Indonesia’s badminton team arrived in London on Monday night, just hours after its Olympic matchups were set.
The results were not so great, with tough draws almost all around.
Taufik Hidayat, who won gold in Athens in 2004, faces a second-round matchup with China’s Lin Dan, the world No. 1 and defending Olympic champion, if each of them makes it past the group stage.
Simon Santoso, Indonesia’s other men’s singles shuttler, could come up against Malaysia’s Lee Chong Wei, the world No. 2, in his second-round match.
Even mixed doubles pair Tontowi Ahmad and Liliyana Natsir, the country’s best hope for a gold, have a tough draw. Their group includes Denmark aces Thomas Laybourn and Kamilla Rytter Juhl, world No. 9 pair Lee Yong-dae and Ha Jung-eun of South Korea and India’s Viju D. and Jwala Gutta.
“I was a bit surprised with the draw’s results, as we’ll have to face formidable opponents right from the group stage,” Liliyana said on Tuesday. “But I think there’s no easy opponents in the Olympics, so we’ll just have to be at our best from the start.”
Taufik wasn’t fretting, either.
“Every athlete who comes to London, of course, is ready to win the gold medal,” he told state news agency Antara on Tuesday. “I’m in good condition and ready to give my best for the country.”
These Games will likely be the 30-year-old’s last, as he has been mulling retirement. But like any good athlete, Taufik was confident in his team.
“We’ve all been training hard and we’ll give everything for the medal,” said Taufik, whose Group O includes Spanish shuttler Pablo Abian and the Czech Republic’s Petr Koukal.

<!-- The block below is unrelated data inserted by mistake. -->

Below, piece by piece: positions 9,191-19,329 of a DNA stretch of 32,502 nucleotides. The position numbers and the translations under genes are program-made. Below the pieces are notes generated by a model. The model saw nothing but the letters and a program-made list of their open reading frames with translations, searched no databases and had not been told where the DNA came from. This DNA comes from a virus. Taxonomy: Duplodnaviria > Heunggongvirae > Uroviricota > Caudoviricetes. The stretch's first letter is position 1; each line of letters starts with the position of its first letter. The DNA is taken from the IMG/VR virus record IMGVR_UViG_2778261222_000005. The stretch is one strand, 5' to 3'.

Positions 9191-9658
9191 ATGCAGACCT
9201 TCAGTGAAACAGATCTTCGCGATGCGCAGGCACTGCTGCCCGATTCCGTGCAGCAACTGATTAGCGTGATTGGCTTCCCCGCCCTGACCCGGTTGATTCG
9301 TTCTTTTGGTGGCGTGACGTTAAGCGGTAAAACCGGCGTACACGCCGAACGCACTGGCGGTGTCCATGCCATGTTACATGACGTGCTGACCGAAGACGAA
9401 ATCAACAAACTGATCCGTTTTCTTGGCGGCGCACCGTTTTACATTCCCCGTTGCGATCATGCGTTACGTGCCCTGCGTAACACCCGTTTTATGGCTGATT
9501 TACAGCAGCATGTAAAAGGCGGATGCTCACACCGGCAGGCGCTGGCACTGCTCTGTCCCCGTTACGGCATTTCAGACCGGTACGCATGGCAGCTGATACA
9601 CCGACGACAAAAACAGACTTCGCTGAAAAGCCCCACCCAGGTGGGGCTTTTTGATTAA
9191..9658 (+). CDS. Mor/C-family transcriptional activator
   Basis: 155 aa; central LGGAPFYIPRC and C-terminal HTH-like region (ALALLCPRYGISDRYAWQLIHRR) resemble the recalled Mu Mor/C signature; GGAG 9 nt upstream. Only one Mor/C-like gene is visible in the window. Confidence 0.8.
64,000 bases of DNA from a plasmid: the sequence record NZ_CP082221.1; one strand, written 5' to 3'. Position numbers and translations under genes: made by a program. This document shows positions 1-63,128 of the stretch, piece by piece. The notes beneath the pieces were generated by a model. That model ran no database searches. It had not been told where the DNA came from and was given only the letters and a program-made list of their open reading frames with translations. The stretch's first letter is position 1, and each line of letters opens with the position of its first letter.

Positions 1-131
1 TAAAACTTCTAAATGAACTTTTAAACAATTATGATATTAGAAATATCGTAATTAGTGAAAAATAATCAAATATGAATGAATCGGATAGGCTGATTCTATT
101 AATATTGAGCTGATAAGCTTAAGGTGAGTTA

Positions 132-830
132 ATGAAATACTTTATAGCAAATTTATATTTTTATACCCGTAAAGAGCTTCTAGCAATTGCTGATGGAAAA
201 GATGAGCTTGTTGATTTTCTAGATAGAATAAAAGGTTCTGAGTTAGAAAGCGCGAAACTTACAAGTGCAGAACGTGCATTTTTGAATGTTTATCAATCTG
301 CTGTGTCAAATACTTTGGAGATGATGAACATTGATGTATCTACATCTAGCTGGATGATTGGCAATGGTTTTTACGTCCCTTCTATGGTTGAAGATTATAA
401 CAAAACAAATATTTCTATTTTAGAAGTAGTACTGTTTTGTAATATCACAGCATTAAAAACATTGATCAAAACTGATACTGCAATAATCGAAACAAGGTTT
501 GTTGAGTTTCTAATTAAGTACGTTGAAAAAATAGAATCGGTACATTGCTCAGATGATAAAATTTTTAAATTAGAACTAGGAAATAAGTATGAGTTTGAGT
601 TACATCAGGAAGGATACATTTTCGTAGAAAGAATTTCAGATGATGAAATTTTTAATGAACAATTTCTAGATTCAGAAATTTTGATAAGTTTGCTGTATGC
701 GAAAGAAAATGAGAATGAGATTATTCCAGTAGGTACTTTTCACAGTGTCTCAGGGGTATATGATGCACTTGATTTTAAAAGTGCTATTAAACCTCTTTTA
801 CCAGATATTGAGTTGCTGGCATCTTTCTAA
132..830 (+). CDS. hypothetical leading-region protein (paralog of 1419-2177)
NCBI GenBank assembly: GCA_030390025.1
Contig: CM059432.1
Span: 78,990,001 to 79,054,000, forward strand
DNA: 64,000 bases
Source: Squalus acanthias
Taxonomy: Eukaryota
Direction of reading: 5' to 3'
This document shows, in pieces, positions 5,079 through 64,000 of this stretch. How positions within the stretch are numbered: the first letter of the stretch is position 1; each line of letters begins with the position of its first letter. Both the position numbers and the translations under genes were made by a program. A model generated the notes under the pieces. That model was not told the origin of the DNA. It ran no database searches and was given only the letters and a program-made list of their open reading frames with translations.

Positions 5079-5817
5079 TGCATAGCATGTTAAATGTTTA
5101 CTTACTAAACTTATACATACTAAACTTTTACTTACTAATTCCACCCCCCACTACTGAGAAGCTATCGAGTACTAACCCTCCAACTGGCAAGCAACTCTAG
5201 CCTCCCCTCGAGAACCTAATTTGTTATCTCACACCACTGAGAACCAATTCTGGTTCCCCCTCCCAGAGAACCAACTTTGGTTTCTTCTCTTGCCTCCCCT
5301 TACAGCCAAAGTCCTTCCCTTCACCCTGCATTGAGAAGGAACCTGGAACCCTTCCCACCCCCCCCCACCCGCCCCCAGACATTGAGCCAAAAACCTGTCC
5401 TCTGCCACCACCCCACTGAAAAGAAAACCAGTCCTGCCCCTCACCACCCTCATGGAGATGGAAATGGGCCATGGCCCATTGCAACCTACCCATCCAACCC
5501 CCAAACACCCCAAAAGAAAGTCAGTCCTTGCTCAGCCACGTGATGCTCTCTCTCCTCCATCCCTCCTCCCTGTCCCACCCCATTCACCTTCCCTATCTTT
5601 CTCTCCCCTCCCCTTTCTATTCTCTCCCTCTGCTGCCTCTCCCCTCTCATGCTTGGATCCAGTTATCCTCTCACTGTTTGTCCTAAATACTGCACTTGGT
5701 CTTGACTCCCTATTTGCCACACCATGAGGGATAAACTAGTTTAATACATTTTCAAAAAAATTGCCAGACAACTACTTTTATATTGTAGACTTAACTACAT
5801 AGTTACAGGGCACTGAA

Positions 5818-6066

Indonesia has won at least one gold medal in every Games since Barcelona 1992, when badminton gained full Olympic status.
The country’s Olympic team chef de mission, Erick Thohir, a media magnate and part-owner of the NBA’s Philadelphia 76ers, said at least one shuttler would come home with a gold.
“I believe the gold medal tradition in badminton will continue,” he said. “If they really want [the gold], I know they will get it.”
Men’s doubles shuttler Mohammad Ahsan said that nothing was impossible, including going home with a gold in his Olympic debut.
“Nobody said it would be easy, but I want the gold medal,” the Indonesian Badminton Association (PBSI) website quoted the 25-year-old as saying. “I’m really proud to play in the Olympics, so I’ll use this opportunity as best I can.”
Ahsan and his partner, Bona Septano, will compete in Group B against South Korean duo Ko Sung-hyun and Yoo Yeon-seong, Thai tandem Bodin Issara and Maneepong Jongjit and Polish pair Adam Cwalina and Michal Logosz.
“I’m not afraid of them. I want the gold,” Ahsan said.
In women’s doubles, Meiliana Jauhari and Greysia Polii will start out in Group C against South Koreans Ha Jung-eun and Kim Min-jung, New Zealand’s Leanne Choo and Renuga Veeran and South Africans Michelle Edwards and Annari Viljoen.
“I think we have an easy draw, but we won’t take our opponents lightly,” Meiliana said.
Indonesia’s only shuttler in women’s singles, Adriyanti Firdasari, will face No. 15 seed Petya Nedelcheva of Bulgaria and Belarussian Alesia Zaitsava in Group O.
Tontowi and Liliyana have the added confidence boost of owning favorable records against their group stage opponents. But the victories didn’t come easily.
They beat Laybourn and Rytter Juhl in this year’s All England final, and won over Lee and Ha in the India Open final.
“We’re raring to go,” Liliyana said.
Soldiers raising the Indonesian flag during a welcome ceremony at the Olympic Village in east London on Monday, four days before the start of the London 2012 Olympic Games. AFP Photo/Khaled Desouki